Harlequin syndrome patients may also present symptoms that are seen at Adie syndrome (tonic pupils) and at Ross syndrome (tonic pupils and segmental anhidrosis). 9
The clinical scene reported in these conditions indicate a major autonomic deficit involving other parts of the nervous system, including parasympathetic lesion. This point may be considered for the differential diagnosis. 6,10
Alternatively, Harlequin syndrome may simply be a common dysautonomic manifestation of many diseases, which asymmetrically affect sympathetic vasomotor innervations, including the Guillain-Barre syndrome, Pure Autonomic Failure, Multiple System Atrophy and Diabetic Neuropathy. 2 Unilateral facial flushing may also be the first symptom of more serious diseases, as neoplasms or cerebral vascular accident; therefore, a particular investigation is indicated, if there are any suspicions. Based on the sympathetic anatomy, investigation techniques may reveal standards of symptoms that indicate the site of the lesion. Imaging techniques, as magnetic resonance and ultrasound, and electrophysiology, may be done to find the underlying cause. 10
Most of the Harlequin syndrome cases do not require medical treatment, unless there is an underlying disease. Thus, it is necessary to explain the disease physiopathology and its favorable prognosis to the patient. For patients with serious social embarrassment due to unilateral flushing, there is the option of contralateral sympathectomy. In this procedure, the flushing on the normal functioning side of the face is interrupted. However, this procedure must have restricted indication, since it is neurodestructive. 10
Dermatologists should recognize this condition and refer these patients to neurological and ophthalmological examination.
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3. Fallon KE, May JJ. Harlequin syndrome in two athletes. Br J Sports Med. 2005;39:e1. [ Links ]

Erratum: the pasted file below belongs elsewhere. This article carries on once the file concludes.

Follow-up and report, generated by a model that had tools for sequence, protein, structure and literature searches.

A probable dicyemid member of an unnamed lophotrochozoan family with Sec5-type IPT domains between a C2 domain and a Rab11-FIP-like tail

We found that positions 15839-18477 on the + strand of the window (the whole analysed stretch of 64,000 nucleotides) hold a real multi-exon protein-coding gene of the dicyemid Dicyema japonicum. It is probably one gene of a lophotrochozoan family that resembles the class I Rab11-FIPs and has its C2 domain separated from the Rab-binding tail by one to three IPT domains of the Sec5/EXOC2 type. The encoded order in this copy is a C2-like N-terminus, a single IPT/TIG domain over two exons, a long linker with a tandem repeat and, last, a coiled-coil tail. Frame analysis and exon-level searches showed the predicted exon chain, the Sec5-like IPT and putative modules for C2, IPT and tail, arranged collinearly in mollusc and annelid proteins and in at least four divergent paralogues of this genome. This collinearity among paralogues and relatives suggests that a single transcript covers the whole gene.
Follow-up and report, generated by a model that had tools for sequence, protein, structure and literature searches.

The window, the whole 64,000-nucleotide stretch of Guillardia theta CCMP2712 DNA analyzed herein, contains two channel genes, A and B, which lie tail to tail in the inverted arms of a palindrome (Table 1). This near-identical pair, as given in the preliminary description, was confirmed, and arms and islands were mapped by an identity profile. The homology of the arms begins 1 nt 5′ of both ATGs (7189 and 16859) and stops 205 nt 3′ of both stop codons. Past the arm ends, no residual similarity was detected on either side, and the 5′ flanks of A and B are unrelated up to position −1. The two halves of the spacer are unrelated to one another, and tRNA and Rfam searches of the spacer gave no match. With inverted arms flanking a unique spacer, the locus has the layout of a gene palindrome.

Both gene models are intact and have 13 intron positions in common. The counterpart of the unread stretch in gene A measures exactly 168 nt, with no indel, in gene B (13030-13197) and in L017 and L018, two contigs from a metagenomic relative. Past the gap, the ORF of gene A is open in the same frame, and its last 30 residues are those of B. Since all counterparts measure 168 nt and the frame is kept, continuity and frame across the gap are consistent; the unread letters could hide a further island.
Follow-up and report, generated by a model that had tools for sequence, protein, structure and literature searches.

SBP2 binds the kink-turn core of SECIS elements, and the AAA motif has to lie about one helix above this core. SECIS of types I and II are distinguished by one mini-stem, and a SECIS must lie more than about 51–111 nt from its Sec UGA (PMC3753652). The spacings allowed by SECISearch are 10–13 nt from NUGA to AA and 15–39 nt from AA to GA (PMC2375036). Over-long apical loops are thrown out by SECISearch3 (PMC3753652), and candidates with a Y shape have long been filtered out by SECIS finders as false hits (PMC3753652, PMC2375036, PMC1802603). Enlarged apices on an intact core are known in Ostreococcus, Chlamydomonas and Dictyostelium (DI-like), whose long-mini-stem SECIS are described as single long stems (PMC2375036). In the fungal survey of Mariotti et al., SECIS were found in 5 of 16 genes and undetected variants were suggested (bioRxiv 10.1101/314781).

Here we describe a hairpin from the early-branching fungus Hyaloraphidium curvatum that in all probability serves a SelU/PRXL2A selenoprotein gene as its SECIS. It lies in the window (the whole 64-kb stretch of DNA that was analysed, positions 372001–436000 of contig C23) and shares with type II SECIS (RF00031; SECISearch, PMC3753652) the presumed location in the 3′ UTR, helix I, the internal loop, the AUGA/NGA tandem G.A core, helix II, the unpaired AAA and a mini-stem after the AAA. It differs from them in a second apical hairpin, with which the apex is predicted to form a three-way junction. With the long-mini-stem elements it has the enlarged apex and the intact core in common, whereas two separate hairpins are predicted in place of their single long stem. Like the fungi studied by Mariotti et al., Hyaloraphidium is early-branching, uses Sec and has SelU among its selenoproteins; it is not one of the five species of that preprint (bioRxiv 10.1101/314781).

4. Lance JW, Drummond PD, Gandevia SC, Morris JG. Harlequin syndrome: the sudden onset of unilateral flushing and sweating. J Neurol Neurosurg Psychiatry. 1988;51:635-42. [ Links ]
5. Bremner F, Smith S. Pupillographic findings in 39 consecutive cases of harlequin syndrome. J Neuroophthalmol. 2008;28:171-7. [ Links ]
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7. Sarikaya H, Georgiadis D, Baumgartner RW. Harlequin syndrome in spontaneous dissection of the cervical carotid artery. Neurology. 2008;71:1459. [ Links ]
8. Darvall JN, Morsi AW, Penington A. Coexisting harlequin and Horner syndromes after paediatric neck dissection: a case report and a review of the literature. J Plast Reconstr Aesthet Surg. 2008;61:1382-4. [ Links ]
9. Capar ros-Lefebvre D, Hache JC, Hur tevent JF, Dereeper O, Bille F, Petit H. Unilateral loss of facial flushing and sweating with contralateral anhidrosis: harlequin syndrome or Adie's syndrome? Clin Auton Res. 1993;3:239-41. [ Links ]
10. Wasner G, Maag R, Ludwig J, Binder A, Schattschneider J, Stingele R, et al. 10. Harlequin syndrome--one face of many etiologies. Nat Clin Pract Neurol. 2005;1:54-9. [ Links ]
Juliano de Avelar Breunig
Rua Borges de Medeiros, 300/806 - Centro
96810-130 Santa Cruz do Sul, RS
Received on 03.08.2011.
Approved by the Advisory Board and accepted for publication on 07.12.2011.
Conflict of interest: None
Financial funding: None
* Study carried out at the University of Santa Cruz do Sul (Universidade de Santa Cruz do Sul - UNISC) - Santa Cruz do Sul (RS), Brazil.